It also contains a good amount of Vitamin B2 (Riboflavin), and Vitamin B9 (Folate) and some Vitamin B3 (Niacin), and Vitamin B6 (Pyroxidine).

Oat bran vs Oats Nutrition

Now that we’ve described the origin, taste, and usage of these foods, we can move to the most interesting part – comparing oat bran vs oats.

This comparison will start by comparing the caloric value of oat bran and oats and their macronutrients and then go more in-depth by analyzing their vitamin and mineral content.

Oat branOats
Energy246 kcal389 kcal
Carbs66.2 g66.3 g
Sugar1.45 g0 g
Fiber15.4 g10.6 g
Protein17.3 g16.9 g
Fat7.03 g6.9 g
Saturated Fat1.33 g1.22 g

Oat bran vs Oats Calories

Most calories in grains come from carbs.

Comparing oat bran vs oats for weight loss, oat bran is slightly lower in calories, with 246 calories per 100 grams, compared to 389 calories per 100 grams of oats.

However, both oat bran and oats can and should be a part of a healthy diet, and neither one shouldn’t be avoided if you’re looking to lose weight.

Oat bran vs Oats Protein

Grains and most grain products, including oat bran and oats, are important sources of plant-based protein.

However, it should be noted that most grains, with the exception of quinoa and buckwheat, for example, are low in lysine and methionine.

That said, you can combine grains with legumes to get a complete protein.

Oat bran offers around 2% more protein than oats.

Oat bran has 17.3 grams of protein per 100 grams, while oats has 16.9 grams of protein per 100 grams.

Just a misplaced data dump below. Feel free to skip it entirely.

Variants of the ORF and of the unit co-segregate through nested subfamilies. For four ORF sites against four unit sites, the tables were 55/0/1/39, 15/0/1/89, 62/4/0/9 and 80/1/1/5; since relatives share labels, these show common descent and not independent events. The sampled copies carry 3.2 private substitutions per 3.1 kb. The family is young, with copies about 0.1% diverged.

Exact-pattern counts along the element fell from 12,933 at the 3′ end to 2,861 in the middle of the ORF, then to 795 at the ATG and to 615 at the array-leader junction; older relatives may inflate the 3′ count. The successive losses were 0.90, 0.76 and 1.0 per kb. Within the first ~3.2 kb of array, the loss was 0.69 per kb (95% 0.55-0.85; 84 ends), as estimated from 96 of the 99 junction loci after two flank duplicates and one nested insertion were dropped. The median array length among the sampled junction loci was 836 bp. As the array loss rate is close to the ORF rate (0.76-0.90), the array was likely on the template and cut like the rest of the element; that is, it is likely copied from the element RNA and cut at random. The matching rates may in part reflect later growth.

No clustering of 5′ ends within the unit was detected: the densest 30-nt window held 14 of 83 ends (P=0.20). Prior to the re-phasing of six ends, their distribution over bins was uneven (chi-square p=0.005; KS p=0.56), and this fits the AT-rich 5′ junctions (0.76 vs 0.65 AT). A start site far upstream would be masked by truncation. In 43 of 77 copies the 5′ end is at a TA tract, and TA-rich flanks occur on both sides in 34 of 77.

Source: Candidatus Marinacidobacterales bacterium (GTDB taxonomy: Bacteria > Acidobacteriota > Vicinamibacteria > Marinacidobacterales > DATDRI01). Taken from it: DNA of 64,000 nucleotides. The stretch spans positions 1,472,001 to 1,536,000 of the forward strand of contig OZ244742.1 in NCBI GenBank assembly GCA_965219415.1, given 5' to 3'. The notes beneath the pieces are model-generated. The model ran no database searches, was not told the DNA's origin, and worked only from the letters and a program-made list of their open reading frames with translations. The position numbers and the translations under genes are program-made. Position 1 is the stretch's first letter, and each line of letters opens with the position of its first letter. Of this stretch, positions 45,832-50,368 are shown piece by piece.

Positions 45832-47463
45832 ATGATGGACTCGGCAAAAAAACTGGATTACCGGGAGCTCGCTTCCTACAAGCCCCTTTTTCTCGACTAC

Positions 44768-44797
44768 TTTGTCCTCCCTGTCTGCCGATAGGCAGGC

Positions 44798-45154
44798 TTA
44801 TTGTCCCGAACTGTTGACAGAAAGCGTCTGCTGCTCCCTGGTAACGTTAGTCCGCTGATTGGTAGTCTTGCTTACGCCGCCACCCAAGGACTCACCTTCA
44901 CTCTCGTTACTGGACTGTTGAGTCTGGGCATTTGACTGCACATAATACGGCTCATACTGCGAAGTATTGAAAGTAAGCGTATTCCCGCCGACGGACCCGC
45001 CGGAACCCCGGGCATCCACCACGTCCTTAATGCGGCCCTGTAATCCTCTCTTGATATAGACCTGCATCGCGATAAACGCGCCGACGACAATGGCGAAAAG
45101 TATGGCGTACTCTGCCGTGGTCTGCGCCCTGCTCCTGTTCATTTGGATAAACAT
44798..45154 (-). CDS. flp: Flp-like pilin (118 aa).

Oat bran vs Oats Carbs

Counting carbs can be important for some people for different reasons, including blood sugar control, weight management, or athletic performance.

It’s also important for people on a keto diet, so let’s compare the carbs content in oat bran and oats.

The total amount of carbohydrates is around 0% higher in oats than in oat bran. It has 66.3 grams per 100 grams, compared to 66.2 grams in oat bran.

There’s less sugar in oats than in oat bran, 100% precisely.

That said, 100 grams of oats contains 0 grams of sugar, while the same amount of oat bran contains 1.5 grams.

Lastly, let’s take a look at the dietary fiber in oat bran and oats.

Dietary fiber keeps the digestive system healthy and helps with weight management by promoting a sense of fullness.

With 15.4 grams of fiber per 100 grams, oat bran is a better source of fiber than oats which oat bran offers 10.6 grams per 100 gram portion.

Oat bran vs Oats Fats

Like most other grains, oat bran and oats are low in fat.

Fats in oat bran and oats are mostly healthy unsaturated fats. They are naturally cholesterol-free and trans-fat-free.

Total fat in oat bran and oats:

  • Oat bran: 7 grams per 100 grams
  • Oats: 6.9 per 100 grams

Speaking of saturated fats, oats is 8% lower in saturated fats.